Retention basins are among the most frequently implemented storm water management systems. They are used to collect surface runoff and to improve the quality of water by natural processes such as sedimentation, decomposition, solar disinfection and soil filtration. In comparison to dry ponds (which hold runoff for a limited period of time and then release the stored water at once), retention basins constantly keep standing water, allowing the development of a new habitat. This also allows settled particles to be treated biologically (GDSDS 2005). Water from retention ponds can then be reused for groundwater recharge, irrigation or any other purpose, optionally requiring further treatment. As a natural system, retention basins do not need energy or high-tech appliances. Primary implementation costs of retention basins are high and constant maintenance is inevitable, as otherwise pollutant export and erosion can occur (UNHSC 2010).
Freshwater, Treated Water
Today, retention basins are one of the most commonly used stormwater treatment systems (see also stormwater management). Basically, they are ponds to store rainwater and further filter it from sediment by mimicking natural undeveloped watershed conditions (MEM 2002).
By storing water in the basin, retention ponds help to impede the negative effects of excess storm water, preventing successional flooding, and can further be used to recharge groundwater (see also surface groundwater recharge or subsurface groundwater recharge). Also, water quality increases immensely, because the standing water is filtered from solid and soluble pollutants as well as excess nutrients (see also pathogens and contaminants and sedimentation) (GDSDS 2005; MEM 2002). If not reused for groundwater recharge, it may be reused in agriculture (e.g. irrigation, fertigation or aquaculture), industry or at household level after an appropriate secondary treatment if required (e.g. free surface, vertical flow constructed wetlands or non planted filter).
Basic Design Principles
Adapted from GDSDS (2005) & EPA (1999)
The design of a retention basin needs to be well fitted to its surroundings. When choosing a suitable site, the main factors to consider are the cost effectiveness of the area as well as its ability to support the pond environment.
Also, retention basins are best built where stormwater naturally flows and collects (MEM 2002). Enough space should be available, as the ponds require a minimum contributing area of five hectares. A small pool (called sediment forebay) of about 10 percent of the main pond’s size can further help to pre-treat incoming water by keeping back rough particles. The size of a retention basin is dependent on several factors such as topography, the effective contributing area, and the relationship between the amounts of incoming and discharged water.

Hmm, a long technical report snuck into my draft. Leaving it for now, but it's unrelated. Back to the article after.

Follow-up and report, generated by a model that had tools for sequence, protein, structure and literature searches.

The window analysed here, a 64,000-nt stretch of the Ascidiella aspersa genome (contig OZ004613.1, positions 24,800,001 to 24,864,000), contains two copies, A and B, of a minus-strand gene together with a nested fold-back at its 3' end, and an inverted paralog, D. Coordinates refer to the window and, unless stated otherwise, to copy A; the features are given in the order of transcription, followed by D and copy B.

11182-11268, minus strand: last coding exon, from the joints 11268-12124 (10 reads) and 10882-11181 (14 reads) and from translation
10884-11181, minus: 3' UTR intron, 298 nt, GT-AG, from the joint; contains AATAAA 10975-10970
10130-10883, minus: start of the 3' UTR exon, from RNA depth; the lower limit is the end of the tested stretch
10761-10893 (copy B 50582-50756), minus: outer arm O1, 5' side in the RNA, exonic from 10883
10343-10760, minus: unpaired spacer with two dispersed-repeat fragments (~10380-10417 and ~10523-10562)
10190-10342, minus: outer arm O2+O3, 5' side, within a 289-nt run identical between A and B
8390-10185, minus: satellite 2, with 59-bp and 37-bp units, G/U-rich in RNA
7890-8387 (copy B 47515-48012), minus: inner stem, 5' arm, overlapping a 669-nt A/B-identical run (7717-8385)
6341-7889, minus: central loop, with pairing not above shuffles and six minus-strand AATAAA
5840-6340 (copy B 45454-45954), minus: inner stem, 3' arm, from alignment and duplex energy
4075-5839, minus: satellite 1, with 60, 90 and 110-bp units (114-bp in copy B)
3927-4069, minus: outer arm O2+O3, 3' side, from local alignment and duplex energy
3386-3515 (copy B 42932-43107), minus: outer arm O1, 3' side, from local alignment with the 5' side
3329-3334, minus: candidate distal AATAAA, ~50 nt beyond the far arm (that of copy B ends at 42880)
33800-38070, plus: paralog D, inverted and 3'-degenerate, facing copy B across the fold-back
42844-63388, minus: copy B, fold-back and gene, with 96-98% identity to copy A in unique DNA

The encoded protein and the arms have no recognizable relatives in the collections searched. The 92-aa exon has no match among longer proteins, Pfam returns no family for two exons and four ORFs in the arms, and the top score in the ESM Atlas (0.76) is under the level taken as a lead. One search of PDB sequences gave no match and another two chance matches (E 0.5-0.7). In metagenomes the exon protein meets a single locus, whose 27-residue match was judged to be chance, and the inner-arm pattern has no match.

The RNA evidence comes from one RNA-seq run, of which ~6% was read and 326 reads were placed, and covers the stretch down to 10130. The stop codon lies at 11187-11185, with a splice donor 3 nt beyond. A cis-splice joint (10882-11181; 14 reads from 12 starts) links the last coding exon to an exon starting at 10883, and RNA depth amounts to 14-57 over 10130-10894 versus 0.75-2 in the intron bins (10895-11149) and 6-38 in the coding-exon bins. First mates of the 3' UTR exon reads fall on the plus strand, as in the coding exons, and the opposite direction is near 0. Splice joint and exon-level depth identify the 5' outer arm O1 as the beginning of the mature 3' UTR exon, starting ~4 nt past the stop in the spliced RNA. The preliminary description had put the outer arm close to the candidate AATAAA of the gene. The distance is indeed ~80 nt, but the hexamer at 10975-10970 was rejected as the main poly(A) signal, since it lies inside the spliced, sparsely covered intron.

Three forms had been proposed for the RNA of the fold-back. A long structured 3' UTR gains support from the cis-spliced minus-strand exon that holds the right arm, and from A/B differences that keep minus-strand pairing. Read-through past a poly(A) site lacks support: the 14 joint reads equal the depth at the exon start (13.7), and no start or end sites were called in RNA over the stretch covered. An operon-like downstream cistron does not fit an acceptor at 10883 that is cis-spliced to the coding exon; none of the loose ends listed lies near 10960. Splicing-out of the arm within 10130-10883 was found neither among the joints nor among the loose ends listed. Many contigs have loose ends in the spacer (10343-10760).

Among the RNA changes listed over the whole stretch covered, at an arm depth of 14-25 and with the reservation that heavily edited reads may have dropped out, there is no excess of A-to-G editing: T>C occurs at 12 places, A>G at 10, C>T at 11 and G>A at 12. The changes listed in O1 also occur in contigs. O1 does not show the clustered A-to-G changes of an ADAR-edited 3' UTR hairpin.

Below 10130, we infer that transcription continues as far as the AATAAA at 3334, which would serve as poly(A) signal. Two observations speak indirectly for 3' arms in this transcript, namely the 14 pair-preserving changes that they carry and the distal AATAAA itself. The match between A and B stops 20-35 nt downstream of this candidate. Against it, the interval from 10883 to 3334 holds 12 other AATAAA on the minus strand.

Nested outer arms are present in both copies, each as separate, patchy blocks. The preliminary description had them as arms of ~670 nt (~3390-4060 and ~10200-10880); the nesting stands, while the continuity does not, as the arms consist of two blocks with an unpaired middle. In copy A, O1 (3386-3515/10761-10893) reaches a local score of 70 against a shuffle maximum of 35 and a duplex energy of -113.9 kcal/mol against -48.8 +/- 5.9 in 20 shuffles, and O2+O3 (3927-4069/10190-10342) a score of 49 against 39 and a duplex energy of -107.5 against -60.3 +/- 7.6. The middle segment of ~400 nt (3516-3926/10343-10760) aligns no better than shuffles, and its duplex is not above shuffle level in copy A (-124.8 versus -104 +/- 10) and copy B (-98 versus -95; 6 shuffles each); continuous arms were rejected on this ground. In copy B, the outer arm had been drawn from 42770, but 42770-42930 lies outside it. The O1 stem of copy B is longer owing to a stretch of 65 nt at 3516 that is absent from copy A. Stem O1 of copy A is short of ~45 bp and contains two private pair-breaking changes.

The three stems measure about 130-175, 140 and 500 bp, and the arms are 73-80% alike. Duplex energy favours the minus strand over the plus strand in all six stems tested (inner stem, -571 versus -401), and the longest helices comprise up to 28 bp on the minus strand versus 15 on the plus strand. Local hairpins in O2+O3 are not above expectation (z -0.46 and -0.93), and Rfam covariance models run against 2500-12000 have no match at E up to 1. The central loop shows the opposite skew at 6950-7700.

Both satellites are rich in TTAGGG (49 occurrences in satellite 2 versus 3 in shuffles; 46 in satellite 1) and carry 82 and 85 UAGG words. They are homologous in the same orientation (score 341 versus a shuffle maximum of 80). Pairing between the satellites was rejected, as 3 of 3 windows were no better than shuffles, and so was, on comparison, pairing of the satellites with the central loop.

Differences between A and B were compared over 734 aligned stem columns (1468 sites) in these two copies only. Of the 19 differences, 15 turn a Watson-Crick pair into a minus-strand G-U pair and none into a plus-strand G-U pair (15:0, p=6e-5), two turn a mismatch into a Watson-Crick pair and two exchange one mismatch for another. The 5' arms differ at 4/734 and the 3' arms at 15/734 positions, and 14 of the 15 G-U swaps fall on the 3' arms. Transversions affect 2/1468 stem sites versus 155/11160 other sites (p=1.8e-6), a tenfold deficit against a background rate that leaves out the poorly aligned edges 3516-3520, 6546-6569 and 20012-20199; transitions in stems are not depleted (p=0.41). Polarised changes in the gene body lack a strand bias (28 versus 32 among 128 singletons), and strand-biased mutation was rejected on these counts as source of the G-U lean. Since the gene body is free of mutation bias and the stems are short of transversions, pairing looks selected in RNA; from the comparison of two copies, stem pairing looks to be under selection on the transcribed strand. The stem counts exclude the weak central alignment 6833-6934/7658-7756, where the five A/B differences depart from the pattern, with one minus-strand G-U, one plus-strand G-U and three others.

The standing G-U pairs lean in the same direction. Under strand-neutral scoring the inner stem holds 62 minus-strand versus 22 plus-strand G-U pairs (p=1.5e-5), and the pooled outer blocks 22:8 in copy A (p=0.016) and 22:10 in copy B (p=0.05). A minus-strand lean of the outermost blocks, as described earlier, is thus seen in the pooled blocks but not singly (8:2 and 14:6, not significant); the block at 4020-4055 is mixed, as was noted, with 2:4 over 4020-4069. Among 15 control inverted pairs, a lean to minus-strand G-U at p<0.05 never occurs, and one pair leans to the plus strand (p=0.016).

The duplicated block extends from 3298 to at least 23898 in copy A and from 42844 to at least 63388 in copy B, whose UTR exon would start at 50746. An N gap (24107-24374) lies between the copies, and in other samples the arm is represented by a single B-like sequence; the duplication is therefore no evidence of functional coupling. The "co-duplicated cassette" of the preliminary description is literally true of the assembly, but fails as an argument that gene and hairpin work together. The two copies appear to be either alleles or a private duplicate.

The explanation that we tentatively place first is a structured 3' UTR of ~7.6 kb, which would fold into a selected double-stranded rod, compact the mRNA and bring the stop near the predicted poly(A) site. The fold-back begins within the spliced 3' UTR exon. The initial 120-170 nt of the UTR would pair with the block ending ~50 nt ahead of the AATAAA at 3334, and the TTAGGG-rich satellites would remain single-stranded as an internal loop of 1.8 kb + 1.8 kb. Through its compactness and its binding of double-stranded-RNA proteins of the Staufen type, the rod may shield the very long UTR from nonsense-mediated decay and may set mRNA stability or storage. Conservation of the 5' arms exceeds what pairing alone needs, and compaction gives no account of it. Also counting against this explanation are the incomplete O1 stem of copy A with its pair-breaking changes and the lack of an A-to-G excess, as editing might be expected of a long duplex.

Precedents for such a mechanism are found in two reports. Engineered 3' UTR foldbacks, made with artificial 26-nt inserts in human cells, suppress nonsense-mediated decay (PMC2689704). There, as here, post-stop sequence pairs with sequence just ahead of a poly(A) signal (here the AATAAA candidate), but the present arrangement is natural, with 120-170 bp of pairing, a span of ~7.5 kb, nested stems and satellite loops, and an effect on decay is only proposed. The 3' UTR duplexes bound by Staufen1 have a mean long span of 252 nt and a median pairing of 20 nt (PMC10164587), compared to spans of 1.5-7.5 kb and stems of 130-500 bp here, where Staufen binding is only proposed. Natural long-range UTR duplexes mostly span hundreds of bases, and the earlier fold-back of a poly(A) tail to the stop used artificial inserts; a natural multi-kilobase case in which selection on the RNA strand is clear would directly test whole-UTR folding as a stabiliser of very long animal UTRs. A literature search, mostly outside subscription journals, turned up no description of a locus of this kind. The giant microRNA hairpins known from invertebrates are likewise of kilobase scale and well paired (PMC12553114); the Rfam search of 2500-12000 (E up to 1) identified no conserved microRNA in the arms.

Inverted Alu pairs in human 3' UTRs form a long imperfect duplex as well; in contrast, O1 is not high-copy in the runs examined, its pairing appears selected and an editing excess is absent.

Planting native aquatic vegetation further helps to improve the function of retention basins. Nutrients are removed more effectively because of the photosynthetic activities and bacteria attached to the plants (see also the nutrient cycle).
As retention ponds need to hold back a constant level of water, highly permeable soils can be a drawback. If this is the case, clay blankets may be used to overlay or compact the existing soil and therefore make it less absorptive.
Retention vs. Detention Basins
Retention basins are not to be confused with detention basins. Whereas retention basins hold back a constant amount of water (and are therefore also called 'wet detention ponds'), detention basins are only used for temporary storage of rainwater. To release water from the basin, an additional outlet needs to be constructed to the ground of detention ponds (TUHH n.y.).
Even though high investments are needed for the construction of retention basins, the overall marginal costs are low, because retention basins are long-lived, usually lasting for over 20 years. Once in operation, only minimal maintenance costs arise.
The United States Environmental Protection Agency (EPA) states that between $17.50 and $35 USD need to be invested per cubic metre. Further spending includes permits, design and construction, as well as maintenance (EPA 1999).
Due to higher costs of land, it is usually more expensive to retrofit retention basins to already developed areas compared to constructing one in an undeveloped region.
Adapted from UNHSC (2010)
Different concerns arise related to human and ecosystem health: For one part, standing water may be a drowning hazard. Further, ponds are a beneficial ecosystem for mosquitoes, which can also be related to increased transmittance of diseases.
Moreover, in water scarce areas or where agriculture is practised, inhabitants may reuse the water from the ponds directly without monitoring the water quality.
Furthermore, eutrophication can occur if excess nutrients are held back in the basin. Also, if the weather is exceptionally warm, the water can heat up exceedingly, impacting downstream aquatic habitats. If this is the case, gravel subdrains can help to cool down the water outlet.
Operation and Maintenance
Adapted from UNHSC (2010) & GDSDS (2005)
Even though only minimal maintenance is needed, it is unavoidable in order to prevent erosion and suspension of sediment, which could lead to unwanted sediment export. Required routine work includes quarterly inspections of inlets and outlets as well as sediment and trash dredging. Mowing around the margins is possible, but increases costs and further reduces possible habitat.
At a Glance